This editorial first appeared in The Dallas Morning News. Guest editorials don’t necessarily reflect the Denton Record-Chronicle’s opinions.
It’s been less than a month since President Joe Biden announced he was withdrawing all U.S. troops from Afghanistan and ending what he and his predecessor have called a “forever war.”
At the time, we voiced our strong opposition to Biden’s decision, writing that a full withdrawal of U.S. troops will “sadly, but almost certainly, come back to haunt his administration and the people of Afghanistan.”
What we feared most was how the Taliban would target not only those brave Afghans who assisted U.S. and NATO troops, diplomats and contractors in the long struggle to bring peace, prosperity and liberal democracy to Afghanistan. But, also, how the Taliban and other Islamic extremists would target the gains in education and human rights made by Afghan girls and women.
Upon hearing the news of total U.S. withdrawal, former President George W. Bush said in an April 20 interview, “My first reaction was, wow, these girls are going to have real trouble with the Taliban. A lot of gains have been made, and so I’m deeply concerned about the plight of women and girls in that country. … All I know is the Taliban, when they had the run of the place, they were brutal.”
We got a glimpse of that brutality May 8 when a bomb blast outside a Kabul girls’ school killed at least 85 people and injured more than 150, many of them schoolgirls between the ages of 11 and 15. Many who attended the school were members of the Hazara Shiite minority who welcomed the U.S. presence in their country and the educational opportunities their children have received.
While the Taliban hasn’t claimed responsibility, the horrific scene is one that could repeat itself over and over once U.S. and NATO troops are gone.
Eighteen-year-old Nekbakht Alizada was one of the students killed in the blast. As her grief-stricken brother, Mukhtar, told The Washington Post, she was proud of her education and the opportunities it provided. “She would tell us we don’t have to be poor like our parents; we don’t have to be illiterate,” he said.
“She had big dreams,” her mother, Rahila Hydari, told the Post after witnessing the blast that killed her daughter. “It was like a doomsday that I saw with my own eyes. Schoolgirls were fleeing back into school, crying and screaming.”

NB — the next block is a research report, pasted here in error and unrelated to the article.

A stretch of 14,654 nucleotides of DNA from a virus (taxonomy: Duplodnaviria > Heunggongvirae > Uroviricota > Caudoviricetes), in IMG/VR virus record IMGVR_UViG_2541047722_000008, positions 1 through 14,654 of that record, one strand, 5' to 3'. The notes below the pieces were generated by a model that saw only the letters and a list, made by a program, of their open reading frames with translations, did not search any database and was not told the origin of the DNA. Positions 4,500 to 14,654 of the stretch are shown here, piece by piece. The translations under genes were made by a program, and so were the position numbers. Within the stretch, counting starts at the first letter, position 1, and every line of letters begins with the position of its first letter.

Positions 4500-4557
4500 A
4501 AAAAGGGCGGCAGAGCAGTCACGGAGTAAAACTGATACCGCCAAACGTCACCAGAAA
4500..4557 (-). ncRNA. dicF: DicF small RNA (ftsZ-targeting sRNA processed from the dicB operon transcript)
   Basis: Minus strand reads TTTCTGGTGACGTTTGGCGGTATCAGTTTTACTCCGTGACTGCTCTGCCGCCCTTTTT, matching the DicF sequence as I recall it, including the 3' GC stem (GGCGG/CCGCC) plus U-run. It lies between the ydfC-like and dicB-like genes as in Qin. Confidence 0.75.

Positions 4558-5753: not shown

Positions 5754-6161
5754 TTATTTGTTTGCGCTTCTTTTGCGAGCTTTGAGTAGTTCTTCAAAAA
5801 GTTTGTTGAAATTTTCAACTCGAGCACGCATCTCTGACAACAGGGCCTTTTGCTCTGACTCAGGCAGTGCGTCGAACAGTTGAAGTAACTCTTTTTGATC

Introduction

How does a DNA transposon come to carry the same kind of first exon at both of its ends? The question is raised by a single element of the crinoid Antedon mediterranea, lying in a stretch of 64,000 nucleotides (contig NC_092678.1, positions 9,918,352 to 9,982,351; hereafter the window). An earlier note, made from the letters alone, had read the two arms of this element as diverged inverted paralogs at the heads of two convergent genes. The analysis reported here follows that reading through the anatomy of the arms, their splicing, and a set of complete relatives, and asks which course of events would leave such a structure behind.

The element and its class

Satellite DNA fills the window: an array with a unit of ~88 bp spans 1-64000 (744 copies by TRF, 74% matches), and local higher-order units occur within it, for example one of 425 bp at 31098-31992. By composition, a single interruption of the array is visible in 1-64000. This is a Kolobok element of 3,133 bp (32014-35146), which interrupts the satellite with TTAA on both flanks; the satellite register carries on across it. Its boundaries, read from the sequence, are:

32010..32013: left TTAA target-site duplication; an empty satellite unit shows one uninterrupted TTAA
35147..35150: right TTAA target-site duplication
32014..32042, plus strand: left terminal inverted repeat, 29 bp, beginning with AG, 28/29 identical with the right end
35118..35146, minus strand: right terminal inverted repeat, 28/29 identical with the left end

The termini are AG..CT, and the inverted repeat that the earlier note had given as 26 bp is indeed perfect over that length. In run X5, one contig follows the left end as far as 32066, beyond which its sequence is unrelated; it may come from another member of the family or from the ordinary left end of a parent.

Friday came news of another deadly bombing, this time at a mosque on the outskirts of Kabul. The Taliban say they were not responsible for the blast that killed at least 12 during Friday prayers, and U.S. officials say other Islamic militants, such as Islamic State or al-Qaeda, may be behind the bombing.
But one thing is clear, as military historian and former Bush adviser Eliot Cohen wrote recently in The Atlantic, long after U.S. withdrawal from Afghanistan, “The war will grind on, with the edge going to the brutal fundamentalist warriors of the Taliban, who will torture and slaughter even as they repeal the advances made in women’s education and secularism in any form.”
That war, Cohen continued, will not be fought by Afghans alone. “China, Iran, Pakistan, India and the Central Asian republics have their own stakes in this war, and not all of them want to see an outright Taliban victory. So they will fund clients and proxies, as will, in all likelihood, the United States. And the people of Afghanistan will continue to suffer.”
Sadly, as the war continues without U.S. service members in Kabul and elsewhere to protect the most vulnerable, it’s girls and young women like Nekbakht Alizada, who have seen the greatest gains, who will suffer the most.
In other words, pulling all troops out of Afghanistan won’t end the “forever war” in that faraway land. It may, however, turn the clock back to what Bush rightly called the “brutal” treatment of girls and women in a land terrorized by extremists.
That would be a tragic — and painfully ironic — ending to what was a noble cause launched after the atrocities of 9/11 called “Operation Enduring Freedom.”